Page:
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Total Recall #1

A comic review article by: Karyn Pinter
Get your ass to Mars, it’s time for a Total Recall sequel.

For eleven years, Total Recall has been held on high regard as one of the best sci-fi/action movies of all time. It’s a best in a lot of categories; it's considered one of Arnold's best, a best for Paul Verhoeven and, hell, let's go out on a limb and say it's one of Sharon Stone's best as well. Total Recall even won a special visual effects Oscar. But you know what really made Total Recall so great? It wasn’t drawn out into a dying franchise glutted with a handful of godawful sequels. Its purity remained intact -- at least, for a decade, it did.

So here it is -- the belated sequel, also conveniently titled Total Recall so it can confuse and trick you into thinking you're either buying a comic book adaption of the 1990 movie or a comic book adaption of Philip K. Dick’s We Can Remember It for You Wholesale. I fell for it, I’m sure others did as well, and some of them might share my opinion.

Dense and predictable, Total Recall the comic picks up directly after Total Recall the movie ends and then shoves it violently into a gun fight. It’s revealed that Kuato -- the tiny man living in the chest of a bigger man -- had been keeping all the rebels of Mars in check and, in the 20 minutes since his death, all the rebels have begun to… rebel. Fancy that. Mars needs a true leader and five bucks says Quaid (Arnie’s character) gets the job. The comic does, however, question whether or not Quaid’s Mars adventure is a dream or not. It was never revealed in the movie if the whole thing was fake and part of Quaid’s Rekall implanted vacation process or if his memories from his double life were triggered. I, for one, would like to find out what really happened.

In comparison to the film version, the comic just doesn't have it. A lot is lost here because Total Recall was such a visual film, and moreso because it was breaking through the boundaries of special effects back in the '90s. No one had ever seen the mind blowing effects in Total Recall before. A woman pulls her head off and she's Arnie underneath? Anyone can draw a lady pulling her head off, but that's on paper -- it's not real, we're not seeing it in a "real life" situation. We lose that visual shock and awe in the comic form.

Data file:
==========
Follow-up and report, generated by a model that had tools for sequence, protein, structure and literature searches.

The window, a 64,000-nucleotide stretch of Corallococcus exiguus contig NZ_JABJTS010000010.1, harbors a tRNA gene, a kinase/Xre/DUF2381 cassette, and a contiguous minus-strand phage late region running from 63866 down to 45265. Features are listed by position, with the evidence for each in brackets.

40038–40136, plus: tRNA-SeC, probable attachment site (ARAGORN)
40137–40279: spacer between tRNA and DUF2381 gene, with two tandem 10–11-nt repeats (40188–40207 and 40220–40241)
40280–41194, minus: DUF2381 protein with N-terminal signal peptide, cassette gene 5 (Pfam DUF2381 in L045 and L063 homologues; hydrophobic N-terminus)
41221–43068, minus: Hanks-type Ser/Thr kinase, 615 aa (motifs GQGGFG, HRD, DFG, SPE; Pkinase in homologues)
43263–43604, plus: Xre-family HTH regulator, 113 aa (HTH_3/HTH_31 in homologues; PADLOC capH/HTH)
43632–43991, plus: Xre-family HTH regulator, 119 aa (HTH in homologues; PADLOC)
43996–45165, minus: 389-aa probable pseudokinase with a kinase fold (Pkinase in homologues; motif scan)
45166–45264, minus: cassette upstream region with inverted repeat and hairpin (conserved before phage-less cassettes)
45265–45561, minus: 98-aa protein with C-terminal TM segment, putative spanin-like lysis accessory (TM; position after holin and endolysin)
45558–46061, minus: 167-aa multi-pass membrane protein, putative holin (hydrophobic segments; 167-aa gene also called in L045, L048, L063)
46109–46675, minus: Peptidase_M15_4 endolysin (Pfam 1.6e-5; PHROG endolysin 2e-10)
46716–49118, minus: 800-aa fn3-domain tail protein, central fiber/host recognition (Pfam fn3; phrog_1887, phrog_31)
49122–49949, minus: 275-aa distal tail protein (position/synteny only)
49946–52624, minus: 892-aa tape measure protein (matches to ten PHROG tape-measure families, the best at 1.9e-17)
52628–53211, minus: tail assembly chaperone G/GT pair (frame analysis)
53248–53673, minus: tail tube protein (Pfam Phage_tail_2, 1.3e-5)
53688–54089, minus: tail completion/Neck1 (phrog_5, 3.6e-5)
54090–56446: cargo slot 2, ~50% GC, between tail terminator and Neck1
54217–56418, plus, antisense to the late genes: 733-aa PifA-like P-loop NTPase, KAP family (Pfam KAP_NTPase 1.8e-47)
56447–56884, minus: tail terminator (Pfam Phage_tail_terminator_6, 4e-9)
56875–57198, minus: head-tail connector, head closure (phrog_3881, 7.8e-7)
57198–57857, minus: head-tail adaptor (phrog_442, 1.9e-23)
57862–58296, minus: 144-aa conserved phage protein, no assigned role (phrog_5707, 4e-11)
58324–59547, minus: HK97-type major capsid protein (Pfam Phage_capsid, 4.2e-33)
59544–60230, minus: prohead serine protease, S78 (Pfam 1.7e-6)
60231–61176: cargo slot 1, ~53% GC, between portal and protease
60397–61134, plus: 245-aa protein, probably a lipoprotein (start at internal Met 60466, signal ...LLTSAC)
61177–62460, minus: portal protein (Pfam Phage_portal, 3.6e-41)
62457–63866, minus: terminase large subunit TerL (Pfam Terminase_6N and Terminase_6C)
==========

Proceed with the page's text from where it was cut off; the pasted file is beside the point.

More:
I'm going to use Gone With the Wind as an example here. I am not comparing it to any version of Total Recall, but if Gone With the Wind were adapted into a comic, would the burning of Atlanta be as grand as it had been in the film? Or when Scarlet wanders out amongst the wounded and the camera pulls back to show the endless rows of men laying dead and dying on the ground -- that visual wouldn't be as powerful because a comic lacks the depth and dimension a movie camera provides. Total Recall the comic is just not as exciting as the movie because we're only looking at the story, not experiencing it. 

I know I'm coming off pretty harsh but I really don't see the reasoning in a four-part sequel to Total Recall. It doesn't seem like it'll do anything for the legacy of the movie, good or bad, which, in my eyes, makes it redundant. It would have been better if it were an adaptation of Philip K. Dick's original short story -- that would have been worth it. I walk away from this unconvinced and unable to truly recommend it to anyone.

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